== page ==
The Cancer Society is launching a petition today calling for a “significant reduction” in the number of shops able to sell tobacco, saying the country won’t reach its Smokefree 2025 goal if availability isn't reduced.
The organisation told 1 NEWS that by 2025, it wants to see a few hundred tobacco retailers around the country. This would mean phasing out about 6000 to 8000 outlets that currently sell the products.
The petition will aim to reduce the selling of combustible tobacco, which includes cigarettes and pouched tobacco, because they are some of the most damaging of the products. It's not aimed at vapes.
Cancer Society chief executive Lucy Elwood said current laws don’t do enough to protect people from the deadly product.
“It would be impossible to launch cigarettes onto the market today, yet we continue to allow the tobacco industry to stock them wherever it chooses.
“Tobacco is sold alongside everyday grocery items like bread and milk and where children frequently go,” Elwood said.
It’s estimated tobacco kills about 11 Kiwis every day, according to a study by the Waitematā District Health Board.
A study by the University of Otago estimates about half of New Zealand’s secondary schools have at least one tobacco outlet within half a kilometre, with more tobacco retailers found in low-income communities where smoking rates are highest.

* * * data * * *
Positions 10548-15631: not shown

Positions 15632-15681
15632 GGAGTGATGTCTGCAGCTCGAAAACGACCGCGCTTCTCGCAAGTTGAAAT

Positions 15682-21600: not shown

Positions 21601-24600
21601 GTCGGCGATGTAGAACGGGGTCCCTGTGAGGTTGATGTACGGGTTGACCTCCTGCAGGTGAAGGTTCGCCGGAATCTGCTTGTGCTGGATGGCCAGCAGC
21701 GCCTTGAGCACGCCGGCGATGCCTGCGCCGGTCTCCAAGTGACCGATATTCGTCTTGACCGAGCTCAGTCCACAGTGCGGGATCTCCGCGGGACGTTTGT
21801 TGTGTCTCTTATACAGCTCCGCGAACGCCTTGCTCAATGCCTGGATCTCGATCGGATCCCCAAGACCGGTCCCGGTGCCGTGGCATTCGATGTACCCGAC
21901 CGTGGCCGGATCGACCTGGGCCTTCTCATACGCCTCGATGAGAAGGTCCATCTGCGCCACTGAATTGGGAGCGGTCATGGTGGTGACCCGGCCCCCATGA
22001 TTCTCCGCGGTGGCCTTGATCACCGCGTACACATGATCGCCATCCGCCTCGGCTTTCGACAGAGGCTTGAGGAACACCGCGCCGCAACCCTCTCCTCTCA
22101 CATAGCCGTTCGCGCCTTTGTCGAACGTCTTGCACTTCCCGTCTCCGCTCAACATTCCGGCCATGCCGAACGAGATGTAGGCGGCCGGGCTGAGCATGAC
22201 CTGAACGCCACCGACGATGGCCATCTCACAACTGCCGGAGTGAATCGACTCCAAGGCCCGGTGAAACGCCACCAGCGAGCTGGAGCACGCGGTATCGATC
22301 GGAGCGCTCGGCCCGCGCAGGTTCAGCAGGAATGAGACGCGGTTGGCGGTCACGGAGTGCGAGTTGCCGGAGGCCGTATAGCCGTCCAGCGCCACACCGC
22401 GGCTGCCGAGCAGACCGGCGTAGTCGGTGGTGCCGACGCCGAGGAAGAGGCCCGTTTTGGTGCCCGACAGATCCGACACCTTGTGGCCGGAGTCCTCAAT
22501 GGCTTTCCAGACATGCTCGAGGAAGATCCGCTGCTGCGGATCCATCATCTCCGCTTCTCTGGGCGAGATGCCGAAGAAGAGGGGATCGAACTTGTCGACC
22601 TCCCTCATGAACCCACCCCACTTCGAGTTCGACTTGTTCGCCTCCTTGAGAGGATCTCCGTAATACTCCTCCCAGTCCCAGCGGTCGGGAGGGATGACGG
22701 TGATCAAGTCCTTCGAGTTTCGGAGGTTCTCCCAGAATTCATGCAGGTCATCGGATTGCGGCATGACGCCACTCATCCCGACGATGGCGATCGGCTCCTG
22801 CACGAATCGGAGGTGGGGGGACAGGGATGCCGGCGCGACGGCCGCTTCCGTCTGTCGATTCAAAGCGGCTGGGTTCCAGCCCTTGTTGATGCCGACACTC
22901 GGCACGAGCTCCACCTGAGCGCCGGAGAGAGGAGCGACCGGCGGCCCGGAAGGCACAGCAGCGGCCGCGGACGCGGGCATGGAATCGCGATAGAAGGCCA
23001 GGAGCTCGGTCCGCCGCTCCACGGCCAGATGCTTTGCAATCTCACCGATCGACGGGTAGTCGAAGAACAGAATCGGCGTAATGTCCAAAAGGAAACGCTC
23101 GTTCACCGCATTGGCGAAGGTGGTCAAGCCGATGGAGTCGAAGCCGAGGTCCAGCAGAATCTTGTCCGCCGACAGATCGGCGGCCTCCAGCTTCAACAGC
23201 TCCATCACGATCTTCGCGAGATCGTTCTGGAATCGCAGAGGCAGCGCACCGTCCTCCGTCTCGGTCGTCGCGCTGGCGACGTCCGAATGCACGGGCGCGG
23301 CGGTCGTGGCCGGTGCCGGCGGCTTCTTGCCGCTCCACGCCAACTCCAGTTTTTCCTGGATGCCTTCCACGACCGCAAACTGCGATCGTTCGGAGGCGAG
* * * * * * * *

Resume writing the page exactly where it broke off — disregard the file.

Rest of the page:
"We support controlling the location and density of retailers to ensure they are not concentrated in low socio-economic areas or near schools," the Cancer Society said.
Elwood said while there has been a steady decline in smoking and tobacco use in the past 40 years, it remains a driver of health inequalities because Māori and Pasifika communities tend to use it at much higher rates than other groups.
“Tobacco has been around for a long time and caused an immeasurable amount of heartbreak for families. We cannot let this continue.
“We need New Zealanders to get behind us and sign this petition so we can treat tobacco like the killer it is.”
The organisation said while there could be "some pushback" to its petition, regulation would create an "even playing field" for retailers. Currently, it's up to a retailer to decide if it wants to be tobacco-free.
"Retailers who have already stopped selling tobacco say they no longer worry about being robbed, and they don’t have to pay out large insurance premiums for tobacco stock."
There is currently a lack of data on the impact of tobacco-free retailing on profits and customer numbers in New Zealand, with some dairy shops also reporting being heavily reliant on tobacco sales.
A study of Canterbury dairy shops found dairy owners reported their profits and community support had remained the same after they had stopped selling tobacco products.
Another University of Otago study said it was a myth tobacco drove significant foot traffic into convenience stores. It also found reducing access to tobacco supported those who wanted to quit.
Tobacco giant Philip Morris International, one of the country's largest distributors of the products, and the New Zealand Association of Convenience stores did not respond to 1 NEWS by the time of publication.